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Agtech: Higher yields, lower costs, better environmental protection

Dr. Lav Khot operating a drone in flight

Fall 2016 | Washington Business Magazine, by Richard S. Davis

Advanced technology has contributed to tremendous growth in production since the middle of the 20th century, while farmers have been able to reduce inputs, including labor, chemicals, and energy.  The agricultural and food industry accounts for 13 percent of Washington State’s economy. Biotech, “flying tractors”, designer orchards, and robots have changed everything on the farm, from planting to harvest to packing house.

At left, Washington State University professor Dr. Lav Khot flies and eight-bladed octo-copter unmanned aerial vehicle or drone.

[ full article in Washington Business digital magazine (requires Flash) – page 30 ]

 

BSysE 598 Graduate Seminar Awards

Best presentations in BSysE 598

1st place – Deepali Jain
“A simulation model for microwave-assisted thermal pasteurization system”

2nd place – Jie Xu
“Development of a dry inoculation method using freeze-dried inocula for inactivation studies in low moisture foods”

3rd place
Innu Chaudhary – “Investigation of ‘lignin modification mechanisms’ in termite-inspired bio-pretreatment process- An Enzymatic Perspective”

Grant funds test of market potential for jet fuel research

December 1, 2016 | WSU News, by  Maegan Murray, WSU Tri-Cities

RICHLAND, Wash. – Researchers at Washington State University Tri-Cities have been awarded a National Science Foundation I-Corps grant to explore the market potential of their biojet fuel research.

The team has successfully demonstrated a new, water-based process for deconstructing and recovering lignin from biomass and converting it into jet fuel-range hydrocarbons. These could be certified as jet fuel in the future.

Bin Yang, WSU Tri-Cities associate professor of biological systems engineering and principal investigator for the grant, holds a patent on the process.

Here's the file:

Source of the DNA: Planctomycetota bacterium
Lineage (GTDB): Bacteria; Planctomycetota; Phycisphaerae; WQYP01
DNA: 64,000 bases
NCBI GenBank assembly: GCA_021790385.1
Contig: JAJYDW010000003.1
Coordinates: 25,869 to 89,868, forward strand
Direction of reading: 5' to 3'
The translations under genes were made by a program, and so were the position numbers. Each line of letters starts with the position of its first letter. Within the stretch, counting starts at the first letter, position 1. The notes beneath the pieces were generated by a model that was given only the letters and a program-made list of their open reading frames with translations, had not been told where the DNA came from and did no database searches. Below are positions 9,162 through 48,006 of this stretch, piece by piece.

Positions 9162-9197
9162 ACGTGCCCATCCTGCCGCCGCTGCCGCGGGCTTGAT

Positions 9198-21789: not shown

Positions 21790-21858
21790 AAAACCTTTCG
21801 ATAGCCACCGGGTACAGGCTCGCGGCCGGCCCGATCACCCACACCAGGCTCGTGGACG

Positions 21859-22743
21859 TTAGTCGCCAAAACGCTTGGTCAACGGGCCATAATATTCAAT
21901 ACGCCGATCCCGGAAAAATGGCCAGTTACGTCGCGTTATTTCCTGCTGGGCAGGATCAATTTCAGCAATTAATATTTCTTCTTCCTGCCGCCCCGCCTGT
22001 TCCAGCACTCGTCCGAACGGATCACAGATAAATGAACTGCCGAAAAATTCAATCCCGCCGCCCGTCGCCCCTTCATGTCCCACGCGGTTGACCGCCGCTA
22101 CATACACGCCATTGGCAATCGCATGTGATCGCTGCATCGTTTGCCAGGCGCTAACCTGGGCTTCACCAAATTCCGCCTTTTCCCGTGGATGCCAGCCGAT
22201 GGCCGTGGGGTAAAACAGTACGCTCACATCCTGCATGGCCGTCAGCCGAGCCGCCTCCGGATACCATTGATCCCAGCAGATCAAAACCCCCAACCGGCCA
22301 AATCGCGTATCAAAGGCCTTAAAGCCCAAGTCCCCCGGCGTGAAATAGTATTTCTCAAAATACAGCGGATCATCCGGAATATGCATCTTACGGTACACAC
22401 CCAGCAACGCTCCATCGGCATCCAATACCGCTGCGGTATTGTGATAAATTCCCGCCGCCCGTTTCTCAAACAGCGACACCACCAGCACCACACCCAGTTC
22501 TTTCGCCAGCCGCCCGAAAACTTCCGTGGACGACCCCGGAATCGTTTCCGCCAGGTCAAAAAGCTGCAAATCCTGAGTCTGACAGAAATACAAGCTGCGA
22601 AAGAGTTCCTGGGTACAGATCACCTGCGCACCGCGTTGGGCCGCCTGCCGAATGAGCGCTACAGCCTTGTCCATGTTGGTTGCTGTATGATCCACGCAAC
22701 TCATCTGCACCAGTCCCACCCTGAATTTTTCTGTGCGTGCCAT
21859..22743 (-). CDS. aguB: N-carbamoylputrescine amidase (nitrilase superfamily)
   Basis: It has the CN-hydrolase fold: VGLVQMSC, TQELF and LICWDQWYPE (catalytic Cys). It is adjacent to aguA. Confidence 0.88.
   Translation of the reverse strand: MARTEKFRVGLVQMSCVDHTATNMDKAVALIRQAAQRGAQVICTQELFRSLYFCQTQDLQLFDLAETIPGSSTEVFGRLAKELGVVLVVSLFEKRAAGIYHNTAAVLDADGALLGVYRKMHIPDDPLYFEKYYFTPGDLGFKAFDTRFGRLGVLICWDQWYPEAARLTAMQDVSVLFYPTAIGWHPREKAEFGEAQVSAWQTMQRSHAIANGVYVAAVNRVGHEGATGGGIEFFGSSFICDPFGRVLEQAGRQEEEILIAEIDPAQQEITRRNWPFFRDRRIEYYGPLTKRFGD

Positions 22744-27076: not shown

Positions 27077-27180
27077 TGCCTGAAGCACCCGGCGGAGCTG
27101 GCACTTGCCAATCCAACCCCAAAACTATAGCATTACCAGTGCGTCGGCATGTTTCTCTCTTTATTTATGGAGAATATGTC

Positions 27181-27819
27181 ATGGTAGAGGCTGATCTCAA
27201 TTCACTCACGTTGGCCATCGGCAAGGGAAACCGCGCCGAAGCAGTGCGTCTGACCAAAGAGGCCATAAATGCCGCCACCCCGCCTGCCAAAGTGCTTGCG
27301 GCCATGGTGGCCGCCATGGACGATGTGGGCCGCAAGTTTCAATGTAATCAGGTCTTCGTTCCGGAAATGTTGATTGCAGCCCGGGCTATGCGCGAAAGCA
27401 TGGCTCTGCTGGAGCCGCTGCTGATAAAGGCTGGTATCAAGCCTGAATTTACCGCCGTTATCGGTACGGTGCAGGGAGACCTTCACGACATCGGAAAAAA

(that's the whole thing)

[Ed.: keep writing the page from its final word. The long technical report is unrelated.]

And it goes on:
[full article in WSU News]

Dr. Sankaran Presents at Inaugural Event

Dr. Sankaran presenting at SciTech NorthwestWednesday, November 9th, the inaugural SciTech Northwest event was held in Seattle. This was the region’s first science and technology expo highlighting the latest innovations and collaborations in cyber/data analytics, clean energy, and biotechnology from three premier Washington research institutions. Twenty one groups and five speakers from Pacific Northwest National Laboratory, University of Washington, and Washington State University showcased their cutting-edge technologies. The featured speaker was Matt McIlwain, Managing Director, Madrona Venture Group.

More at:

Xconomy –  Washington Scientists Forge Ahead Amid Uncertainty

GeekWire – Tech investor Matt McIlwain: Seattle with shape the future with a ‘three-layer cake’ of innovation

Grant Helps Farmers Use Smart Phones to Save Water

Don McMoran, director of WSU Skagit County Extension, and Troy Peters, associate professor with BSE at the WSU Irrigated Agriculture Research and Extension Center in Prosser, are helping growers statewide use every drop of irrigation water to the fullest.

Using a $455,000 grant from the U.S. Natural Resources Conservation Service, their Water Irrigation System Efficiency, or WISE, project educates farmers and gives them smart tools to help the environment and their bottom line.

[more in CAHNRS News]

Peter’s Water-Saving Project Featured in Press

Irrigation uses 80 percent of the water in the Pacific Northwest, and center pivots irrigate over half of watered acreage. For the past three years, R. Troy Peters, associate professor and Extension irrigation specialist at BSE WSU Prosser, have been the primary investigator of Low Elevation Spray Application (LESA) technology for center-pivot irrigation.

The project is funded by Bonneville Power Administration, with the University of Idaho as a subcontractor. It was featured in a front-page article in the Capital Press.

Student represents U.S. at sustainable chemistry school

October 4, 2016 | WSU News, by Maegan Murray, WSU Tri-Cities

zhu-leiRICHLAND, Wash. – A doctoral student at Washington State University Tri-Cities is one of 15 worldwide, and the only U.S. student, selected to participate in a recent week-long school in Germany about developing safe, reliable chemicals in a sustainable way.

“One of the biggest challenges for sustainability sciences is to find solutions that do not threaten economic growth, the environment, and public welfare,” said Lei Zhu, who studies biological systems engineering at WSU Tri-Cities. “In particular, developing countries are seemingly faced with the dilemma of economic growth versus sustainability. Sustainability Sciences is all about coming up with ways out of dilemmas.”

[read full article in WSU News ]